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The Adaptive Nature of the GMAT

So what makes the GMAT so hard?

No matter how good you are with numbers, no matter how strong your logic is, no matter how comprehensive your powers of comprehension are – the GMAT is a hard exam. This is true for any test taker, including GMAT Masters.

The reason for that is the adaptive nature of the GMAT. While the intricate workings of the adaptive algorithm is too complicated to be communicated in a blog post, the logic behind it can be simplified thus:

1. In the beginning, the algorithm knows nothing about the examinee, so it assumes he or she is of an average level. Consequently, the examinee gets a mid-level question, one that was answered correctly by around 50% of past test-takers.

2. If the test-taker gets the first question right, he or she gets a harder question (say, one answered correctly by only 25% of past test takers); if the test-taker gets it wrong, he or she gets an easier question (for instance, one answered correctly by 75% of past test takers).

3. This process repeats itself in the following questions, with each subsequent answer providing the system with more information about the actual level of the examinee, as the algorithm tries to push the test-takers boundaries and determine the theoretical "breaking point".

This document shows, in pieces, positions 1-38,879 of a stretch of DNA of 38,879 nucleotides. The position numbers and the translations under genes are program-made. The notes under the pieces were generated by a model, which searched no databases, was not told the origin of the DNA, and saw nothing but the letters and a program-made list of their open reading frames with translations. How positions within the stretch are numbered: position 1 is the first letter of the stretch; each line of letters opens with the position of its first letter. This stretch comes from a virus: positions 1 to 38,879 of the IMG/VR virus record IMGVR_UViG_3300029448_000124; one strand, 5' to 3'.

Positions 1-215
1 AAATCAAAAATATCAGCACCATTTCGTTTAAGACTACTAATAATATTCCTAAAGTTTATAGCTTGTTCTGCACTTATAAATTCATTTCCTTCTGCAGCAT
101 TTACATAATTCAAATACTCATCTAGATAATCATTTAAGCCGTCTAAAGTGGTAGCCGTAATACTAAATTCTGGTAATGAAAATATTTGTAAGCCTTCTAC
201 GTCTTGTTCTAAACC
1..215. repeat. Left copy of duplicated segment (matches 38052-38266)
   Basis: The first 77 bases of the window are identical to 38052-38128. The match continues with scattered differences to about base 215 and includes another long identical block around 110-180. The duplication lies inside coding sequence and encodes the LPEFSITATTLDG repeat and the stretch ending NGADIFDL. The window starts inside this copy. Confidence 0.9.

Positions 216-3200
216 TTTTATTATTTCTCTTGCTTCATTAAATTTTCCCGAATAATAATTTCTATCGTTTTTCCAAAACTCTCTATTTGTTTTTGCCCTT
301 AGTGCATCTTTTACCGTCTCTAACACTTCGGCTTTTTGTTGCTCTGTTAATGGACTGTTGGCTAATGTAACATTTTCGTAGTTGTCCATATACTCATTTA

The adaptive nature of the algorithm thus makes sure that each test-taker is treated in the same "unfair" way: the questions test takers face vary in their difficulty level, but are equally hard relative to the test taker that faces them. Whether you are in the 99th or 10th percentile, the GMAT algorithm will make sure that you will be presented with questions that are difficult for YOU.

Guest post provided by Geva Stern, an Academic Support Manager at Master GMAT

About the author: Stacy Blackman
Stacy Blackman

Stacy Blackman, has been consulting on the Master of Business Administration degree application process since 2001. She has an MBA from the Kellogg School of Management at Northwestern University and a BS from the Wharton School at the University of Pennsylvania. Stacy has worked with the admissions committees at both schools, conducting alumni interviews and evaluating applicants.


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